Anne Robinson is best known as the host of the “Weakest Link” game show in the UK. But this week, Robinson will share a very personal, painful side of her life in the new BBC documentary “Abortion On Trial.”
The Express reports Robinson, 73, aborted her unborn baby when she was 23 years old and newly married. It was an incredibly painful experience that still troubles her today.
“I was ashamed of what I’d done and I felt so depressed,” Robinson said. “I’d be unthinkable for me now.”
Reports do not give details about why Robinson chose to abort her unborn baby, but she described how she forced herself to go through with it.
“… the only way I felt I could go through with an abortion was if I didn’t think about … what I was doing. It was like someone who was shutting their eyes and jumping from a cliff,” Robinson remembered.
Afterward, Robinson said she felt terrified and lonely. Fear and depression quickly set in.
“I came from a Catholic family and I was well aware of what Catholicism thought of abortion and it was a really isolated place,” she said.
“Fear makes you behave in a very odd way,” she continued. “What I remember is, unexpectedly, the most terrible black doom came over me and it lasted for months.”
She said she recently decided to share her experience because she believes talking about abortion is important.
Despite the depression, fear and pain that she went through as a result of her baby’s death, Robinson said she will not allow herself to regret her decision. However, she also said she still feels ashamed and tries “very hard” not to think about it.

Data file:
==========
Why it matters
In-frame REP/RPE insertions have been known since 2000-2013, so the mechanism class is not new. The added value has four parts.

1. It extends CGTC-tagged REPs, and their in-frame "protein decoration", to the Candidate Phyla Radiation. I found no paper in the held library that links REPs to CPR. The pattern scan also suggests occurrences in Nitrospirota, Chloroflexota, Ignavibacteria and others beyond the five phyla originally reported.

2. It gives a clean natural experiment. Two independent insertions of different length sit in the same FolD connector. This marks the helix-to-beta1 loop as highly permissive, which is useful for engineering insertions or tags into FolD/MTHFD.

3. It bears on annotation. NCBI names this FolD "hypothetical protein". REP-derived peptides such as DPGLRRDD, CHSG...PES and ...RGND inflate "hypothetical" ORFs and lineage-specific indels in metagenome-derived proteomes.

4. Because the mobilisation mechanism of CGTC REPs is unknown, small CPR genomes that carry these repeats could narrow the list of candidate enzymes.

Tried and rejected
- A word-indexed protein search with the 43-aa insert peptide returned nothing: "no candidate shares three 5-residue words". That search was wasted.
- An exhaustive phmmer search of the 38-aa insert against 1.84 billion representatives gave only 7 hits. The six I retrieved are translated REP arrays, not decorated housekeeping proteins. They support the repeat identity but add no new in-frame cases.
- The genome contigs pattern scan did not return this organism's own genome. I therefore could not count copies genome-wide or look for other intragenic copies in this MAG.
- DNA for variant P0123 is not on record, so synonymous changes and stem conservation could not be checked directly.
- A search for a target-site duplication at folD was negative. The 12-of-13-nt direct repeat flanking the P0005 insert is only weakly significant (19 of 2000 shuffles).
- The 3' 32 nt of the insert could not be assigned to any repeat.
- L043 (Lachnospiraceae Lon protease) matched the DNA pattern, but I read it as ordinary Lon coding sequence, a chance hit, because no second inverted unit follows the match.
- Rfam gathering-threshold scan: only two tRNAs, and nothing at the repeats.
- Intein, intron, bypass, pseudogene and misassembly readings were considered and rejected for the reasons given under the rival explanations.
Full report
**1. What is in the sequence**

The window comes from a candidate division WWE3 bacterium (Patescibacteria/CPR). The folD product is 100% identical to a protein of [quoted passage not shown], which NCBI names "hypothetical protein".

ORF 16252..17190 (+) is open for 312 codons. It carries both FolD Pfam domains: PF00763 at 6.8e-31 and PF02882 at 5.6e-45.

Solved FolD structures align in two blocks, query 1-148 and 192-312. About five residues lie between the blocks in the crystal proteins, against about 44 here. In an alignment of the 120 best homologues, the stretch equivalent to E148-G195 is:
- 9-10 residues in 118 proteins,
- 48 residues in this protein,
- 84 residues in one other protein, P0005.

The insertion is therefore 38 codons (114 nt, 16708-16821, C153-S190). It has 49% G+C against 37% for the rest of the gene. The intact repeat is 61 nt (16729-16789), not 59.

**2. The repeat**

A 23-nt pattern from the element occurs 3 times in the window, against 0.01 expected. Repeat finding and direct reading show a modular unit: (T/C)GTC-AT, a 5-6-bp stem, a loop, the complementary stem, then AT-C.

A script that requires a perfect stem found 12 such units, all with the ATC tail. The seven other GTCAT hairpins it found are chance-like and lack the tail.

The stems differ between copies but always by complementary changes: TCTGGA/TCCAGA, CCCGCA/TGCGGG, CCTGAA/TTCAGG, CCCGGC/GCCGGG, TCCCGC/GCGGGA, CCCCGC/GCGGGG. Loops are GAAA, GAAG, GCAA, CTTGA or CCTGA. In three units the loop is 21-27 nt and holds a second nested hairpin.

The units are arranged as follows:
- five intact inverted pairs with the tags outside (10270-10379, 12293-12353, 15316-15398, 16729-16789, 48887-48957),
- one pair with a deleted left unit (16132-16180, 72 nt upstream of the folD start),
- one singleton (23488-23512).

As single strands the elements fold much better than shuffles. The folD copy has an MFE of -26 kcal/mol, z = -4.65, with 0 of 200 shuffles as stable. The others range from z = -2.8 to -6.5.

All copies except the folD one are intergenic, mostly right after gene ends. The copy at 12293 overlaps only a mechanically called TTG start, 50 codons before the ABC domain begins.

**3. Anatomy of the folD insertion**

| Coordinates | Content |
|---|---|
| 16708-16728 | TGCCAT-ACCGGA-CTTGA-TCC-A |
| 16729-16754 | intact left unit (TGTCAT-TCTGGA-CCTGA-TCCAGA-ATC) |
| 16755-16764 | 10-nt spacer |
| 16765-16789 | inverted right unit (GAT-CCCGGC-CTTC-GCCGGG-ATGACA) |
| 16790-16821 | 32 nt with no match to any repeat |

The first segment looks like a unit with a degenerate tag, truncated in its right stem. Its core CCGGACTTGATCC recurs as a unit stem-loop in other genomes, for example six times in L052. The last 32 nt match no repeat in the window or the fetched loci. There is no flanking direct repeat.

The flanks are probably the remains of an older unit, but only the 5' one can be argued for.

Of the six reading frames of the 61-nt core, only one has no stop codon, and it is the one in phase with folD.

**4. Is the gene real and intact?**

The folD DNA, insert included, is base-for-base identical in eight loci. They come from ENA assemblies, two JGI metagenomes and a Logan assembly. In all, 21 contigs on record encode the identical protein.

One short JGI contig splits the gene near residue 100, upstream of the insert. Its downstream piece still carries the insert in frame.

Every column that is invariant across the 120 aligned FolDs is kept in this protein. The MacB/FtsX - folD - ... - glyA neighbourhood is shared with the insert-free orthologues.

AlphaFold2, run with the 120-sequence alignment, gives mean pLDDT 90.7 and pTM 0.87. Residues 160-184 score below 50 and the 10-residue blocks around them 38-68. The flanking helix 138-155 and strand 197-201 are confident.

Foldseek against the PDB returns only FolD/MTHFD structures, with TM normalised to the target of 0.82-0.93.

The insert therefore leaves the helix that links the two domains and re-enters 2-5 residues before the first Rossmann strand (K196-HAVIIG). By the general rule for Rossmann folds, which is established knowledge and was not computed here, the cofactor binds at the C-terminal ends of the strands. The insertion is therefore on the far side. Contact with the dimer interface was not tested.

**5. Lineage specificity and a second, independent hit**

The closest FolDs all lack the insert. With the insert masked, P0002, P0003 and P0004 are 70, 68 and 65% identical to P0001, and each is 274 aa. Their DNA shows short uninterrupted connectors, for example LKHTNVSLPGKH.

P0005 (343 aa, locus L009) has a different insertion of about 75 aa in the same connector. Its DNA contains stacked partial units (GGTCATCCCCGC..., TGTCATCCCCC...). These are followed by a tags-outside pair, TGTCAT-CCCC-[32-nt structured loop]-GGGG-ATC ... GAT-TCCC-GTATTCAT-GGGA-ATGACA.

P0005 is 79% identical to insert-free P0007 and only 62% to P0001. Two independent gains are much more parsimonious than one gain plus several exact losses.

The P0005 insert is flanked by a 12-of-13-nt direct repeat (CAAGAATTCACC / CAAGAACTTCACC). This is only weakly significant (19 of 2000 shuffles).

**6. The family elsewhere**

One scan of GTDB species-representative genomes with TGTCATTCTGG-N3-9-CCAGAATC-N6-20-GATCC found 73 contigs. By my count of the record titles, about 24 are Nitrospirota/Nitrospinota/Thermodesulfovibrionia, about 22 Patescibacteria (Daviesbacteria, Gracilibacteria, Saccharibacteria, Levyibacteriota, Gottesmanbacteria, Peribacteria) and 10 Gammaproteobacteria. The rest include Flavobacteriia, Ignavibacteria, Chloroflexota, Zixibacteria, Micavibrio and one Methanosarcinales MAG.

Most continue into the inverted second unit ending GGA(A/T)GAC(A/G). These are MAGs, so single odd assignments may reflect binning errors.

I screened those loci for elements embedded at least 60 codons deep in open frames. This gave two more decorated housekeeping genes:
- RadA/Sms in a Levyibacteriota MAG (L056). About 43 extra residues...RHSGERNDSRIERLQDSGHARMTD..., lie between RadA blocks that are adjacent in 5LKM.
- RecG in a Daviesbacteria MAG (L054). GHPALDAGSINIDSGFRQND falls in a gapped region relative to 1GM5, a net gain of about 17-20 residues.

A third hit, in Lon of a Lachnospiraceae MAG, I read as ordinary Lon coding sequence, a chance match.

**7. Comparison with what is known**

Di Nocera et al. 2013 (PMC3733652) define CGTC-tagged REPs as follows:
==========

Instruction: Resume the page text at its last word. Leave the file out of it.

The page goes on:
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“I can see that a lot of that is inherent shame in me and after all these years and it’s nearly 50 years ago, so it runs very deep,” she said, according to the Daily Mail.
But maybe her unwillingness to confront her emotions is part of the problem. Abortion activists try to pass off abortion as no big deal, but it is a big deal for the millions of women who abort their unborn babies every year. Many like Robinson are hurting silently because they feel like they shouldn’t.
Studies indicate women are at greater risk of anxiety, depression, substance abuse and suicidal tendencies if they had an abortion. And confronting the root of the problem – their decision to have their unborn child’s life destroyed in an abortion – often is many women’s first step on their journey to healing.
Post-abortion healing programs help women and men work through their pain and loss by acknowledging that they did lose something, their unborn child. Abortion advocates try to hide this fact from women, often further deepening their pain. Post-abortion counseling and healing programs are valuable resources because they assure women that they can mourn for their child, and they can heal and forgive themselves.